Anti-Israeli BDS campaign facing court test
- EAN HIGGINS
- THE AUSTRALIAN
- OCTOBER 31, 2013
Professor Stuart Rees of the Centre for Peace and Conflict Studies, and professor of philosophy at the University of NSW Peter Slezak. Picture: Sam Mooy Source: TheAustralian
THE emotive controversy over whether the boycott, divestment and sanctions campaign against Israel is racist and discriminatory will be tested in the Federal Court after an Israeli organisation launched a landmark legal suit.
Shurat HaDin, an Israeli law centre, has filed papers with the court against Jake Lynch, the director of the Centre for Peace and Conflict Studies at Sydney University, over his support for BDS.
The move follows the failure of the Australian Human Rights Commission, where Shurat HaDin initially filed a complaint against Professor Lynch, to conciliate on the matter.
Shurat HaDin alleges Professor Lynch’s support for the international BDS movement, which promotes the rights of Palestinians and claims Israel is engaged in illegal and immoral actions against them, violates the Racial Discrimination Act.
The court action will focus in part on his controversial refusal to sponsor an Israeli academic from the Hebrew University of Jerusalem, Dan Avnon, who developed a curriculum for Arab and Jewish students.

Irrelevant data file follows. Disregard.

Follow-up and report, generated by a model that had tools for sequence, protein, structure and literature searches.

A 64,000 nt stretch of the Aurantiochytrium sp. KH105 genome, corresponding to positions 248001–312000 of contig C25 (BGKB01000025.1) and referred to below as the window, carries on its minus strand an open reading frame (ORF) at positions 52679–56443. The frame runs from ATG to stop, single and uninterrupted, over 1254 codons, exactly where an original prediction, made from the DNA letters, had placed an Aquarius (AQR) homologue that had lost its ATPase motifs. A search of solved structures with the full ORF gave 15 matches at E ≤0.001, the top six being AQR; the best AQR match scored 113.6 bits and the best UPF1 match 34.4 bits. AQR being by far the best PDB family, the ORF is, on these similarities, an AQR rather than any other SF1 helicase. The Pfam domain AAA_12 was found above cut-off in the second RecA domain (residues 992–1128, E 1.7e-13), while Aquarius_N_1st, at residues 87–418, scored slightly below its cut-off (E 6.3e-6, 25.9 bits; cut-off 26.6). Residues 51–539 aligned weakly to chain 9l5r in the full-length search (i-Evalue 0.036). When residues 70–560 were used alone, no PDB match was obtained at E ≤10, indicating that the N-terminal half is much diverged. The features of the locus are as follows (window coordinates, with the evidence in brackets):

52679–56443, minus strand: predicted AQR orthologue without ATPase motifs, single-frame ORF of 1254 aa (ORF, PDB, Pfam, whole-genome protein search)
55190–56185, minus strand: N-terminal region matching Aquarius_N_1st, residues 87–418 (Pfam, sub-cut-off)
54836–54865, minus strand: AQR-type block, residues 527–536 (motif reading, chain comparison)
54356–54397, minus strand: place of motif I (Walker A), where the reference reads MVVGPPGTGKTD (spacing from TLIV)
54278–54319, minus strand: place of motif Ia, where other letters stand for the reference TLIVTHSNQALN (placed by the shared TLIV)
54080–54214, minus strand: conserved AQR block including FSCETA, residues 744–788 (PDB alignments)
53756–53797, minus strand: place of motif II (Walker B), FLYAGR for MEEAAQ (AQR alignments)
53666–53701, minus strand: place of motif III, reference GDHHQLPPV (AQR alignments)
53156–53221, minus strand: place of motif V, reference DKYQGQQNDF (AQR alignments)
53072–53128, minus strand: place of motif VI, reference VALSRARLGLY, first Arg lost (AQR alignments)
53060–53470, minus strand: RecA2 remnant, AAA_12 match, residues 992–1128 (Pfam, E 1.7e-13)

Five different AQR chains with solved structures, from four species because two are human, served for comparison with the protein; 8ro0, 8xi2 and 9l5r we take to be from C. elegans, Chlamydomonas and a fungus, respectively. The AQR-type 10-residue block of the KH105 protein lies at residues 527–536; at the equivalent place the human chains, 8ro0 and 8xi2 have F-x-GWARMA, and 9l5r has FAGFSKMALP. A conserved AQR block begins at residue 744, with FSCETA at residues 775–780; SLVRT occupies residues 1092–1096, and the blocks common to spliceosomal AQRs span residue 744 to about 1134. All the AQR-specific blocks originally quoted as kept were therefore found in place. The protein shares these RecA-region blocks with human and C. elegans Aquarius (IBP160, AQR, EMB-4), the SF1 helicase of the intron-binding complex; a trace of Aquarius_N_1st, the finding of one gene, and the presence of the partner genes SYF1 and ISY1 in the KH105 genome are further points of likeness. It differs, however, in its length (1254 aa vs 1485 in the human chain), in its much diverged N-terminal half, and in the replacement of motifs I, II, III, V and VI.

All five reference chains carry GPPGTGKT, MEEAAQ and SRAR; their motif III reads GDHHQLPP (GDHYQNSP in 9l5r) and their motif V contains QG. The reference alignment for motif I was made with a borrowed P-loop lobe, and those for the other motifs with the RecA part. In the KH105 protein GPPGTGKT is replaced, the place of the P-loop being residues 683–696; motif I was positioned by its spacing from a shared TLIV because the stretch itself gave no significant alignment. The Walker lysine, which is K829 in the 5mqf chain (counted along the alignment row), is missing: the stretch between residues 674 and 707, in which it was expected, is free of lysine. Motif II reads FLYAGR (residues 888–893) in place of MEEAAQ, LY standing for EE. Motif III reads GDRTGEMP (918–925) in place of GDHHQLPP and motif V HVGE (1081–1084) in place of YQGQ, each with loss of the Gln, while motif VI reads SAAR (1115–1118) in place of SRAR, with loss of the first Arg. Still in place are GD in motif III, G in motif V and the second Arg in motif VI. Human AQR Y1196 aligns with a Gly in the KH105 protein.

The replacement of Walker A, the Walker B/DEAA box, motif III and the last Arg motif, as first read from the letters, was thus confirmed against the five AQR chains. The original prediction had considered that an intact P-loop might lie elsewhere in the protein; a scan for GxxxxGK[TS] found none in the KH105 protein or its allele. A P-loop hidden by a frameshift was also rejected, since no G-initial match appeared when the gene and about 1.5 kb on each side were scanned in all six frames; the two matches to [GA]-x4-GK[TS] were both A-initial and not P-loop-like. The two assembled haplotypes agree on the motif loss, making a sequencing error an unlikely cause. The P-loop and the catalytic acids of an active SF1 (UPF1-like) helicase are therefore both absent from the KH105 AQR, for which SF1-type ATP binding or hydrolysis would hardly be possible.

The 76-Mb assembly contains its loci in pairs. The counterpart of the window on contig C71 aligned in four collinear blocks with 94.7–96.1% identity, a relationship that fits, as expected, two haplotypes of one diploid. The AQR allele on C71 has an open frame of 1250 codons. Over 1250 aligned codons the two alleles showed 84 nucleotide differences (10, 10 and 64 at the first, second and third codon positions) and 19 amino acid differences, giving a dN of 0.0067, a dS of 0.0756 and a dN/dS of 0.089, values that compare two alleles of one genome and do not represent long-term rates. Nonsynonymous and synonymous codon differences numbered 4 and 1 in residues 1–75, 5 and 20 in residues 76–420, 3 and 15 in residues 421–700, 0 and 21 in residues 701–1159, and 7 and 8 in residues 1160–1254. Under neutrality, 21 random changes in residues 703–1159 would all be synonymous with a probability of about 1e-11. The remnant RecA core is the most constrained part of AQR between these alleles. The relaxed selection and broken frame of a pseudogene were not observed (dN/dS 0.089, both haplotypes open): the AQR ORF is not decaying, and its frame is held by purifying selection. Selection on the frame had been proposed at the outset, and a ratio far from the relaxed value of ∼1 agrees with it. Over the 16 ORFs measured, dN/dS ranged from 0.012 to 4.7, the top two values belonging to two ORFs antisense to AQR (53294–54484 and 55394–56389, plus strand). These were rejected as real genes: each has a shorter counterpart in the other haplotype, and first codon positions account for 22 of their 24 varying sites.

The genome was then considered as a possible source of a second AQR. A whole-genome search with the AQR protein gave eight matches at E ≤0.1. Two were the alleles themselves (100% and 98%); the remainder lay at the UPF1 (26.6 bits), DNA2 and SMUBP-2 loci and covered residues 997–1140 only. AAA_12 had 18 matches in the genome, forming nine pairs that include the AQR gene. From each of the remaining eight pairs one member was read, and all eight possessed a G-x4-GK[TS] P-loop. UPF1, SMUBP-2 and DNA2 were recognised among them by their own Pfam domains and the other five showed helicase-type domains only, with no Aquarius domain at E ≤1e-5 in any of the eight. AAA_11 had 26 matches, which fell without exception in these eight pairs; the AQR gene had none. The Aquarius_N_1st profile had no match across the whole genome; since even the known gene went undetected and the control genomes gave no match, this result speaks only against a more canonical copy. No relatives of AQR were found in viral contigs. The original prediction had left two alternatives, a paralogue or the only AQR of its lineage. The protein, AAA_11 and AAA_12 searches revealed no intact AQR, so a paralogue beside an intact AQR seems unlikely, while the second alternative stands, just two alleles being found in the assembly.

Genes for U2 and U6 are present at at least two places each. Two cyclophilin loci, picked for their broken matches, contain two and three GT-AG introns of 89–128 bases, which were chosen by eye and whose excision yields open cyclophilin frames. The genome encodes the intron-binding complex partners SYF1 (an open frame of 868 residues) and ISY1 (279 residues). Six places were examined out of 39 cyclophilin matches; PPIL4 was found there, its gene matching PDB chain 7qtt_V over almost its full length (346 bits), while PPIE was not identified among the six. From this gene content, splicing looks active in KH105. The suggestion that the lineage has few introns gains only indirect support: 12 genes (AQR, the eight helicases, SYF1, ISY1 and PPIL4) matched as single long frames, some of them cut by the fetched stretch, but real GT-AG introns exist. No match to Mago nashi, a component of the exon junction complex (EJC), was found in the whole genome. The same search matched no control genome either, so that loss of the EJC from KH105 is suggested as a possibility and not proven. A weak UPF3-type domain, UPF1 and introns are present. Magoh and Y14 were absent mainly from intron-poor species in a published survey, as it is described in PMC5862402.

Professor Avnon was seeking Professor Lynch’s nomination for a Sir Zelman Cowan fellowship to study curriculums in Australia.
Professor Lynch turned him down, citing his centre’s pro-BDS policy and claims the Hebrew University had links to the Israeli military and the ongoing occupation of the West Bank.
The case will involve not just a critical test of Australia’s anti-discrimination laws, but also a major public debate about freedom of speech and academic freedom, with the Israeli organisation and Professor Lynch’s camp accusing each other of violating such principles.
The issue has split the Australian Jewish community, with some prominent academics supporting the BDS campaign, and others opposing BDS but insisting that Professor Lynch and others have every right to express their views in a democracy.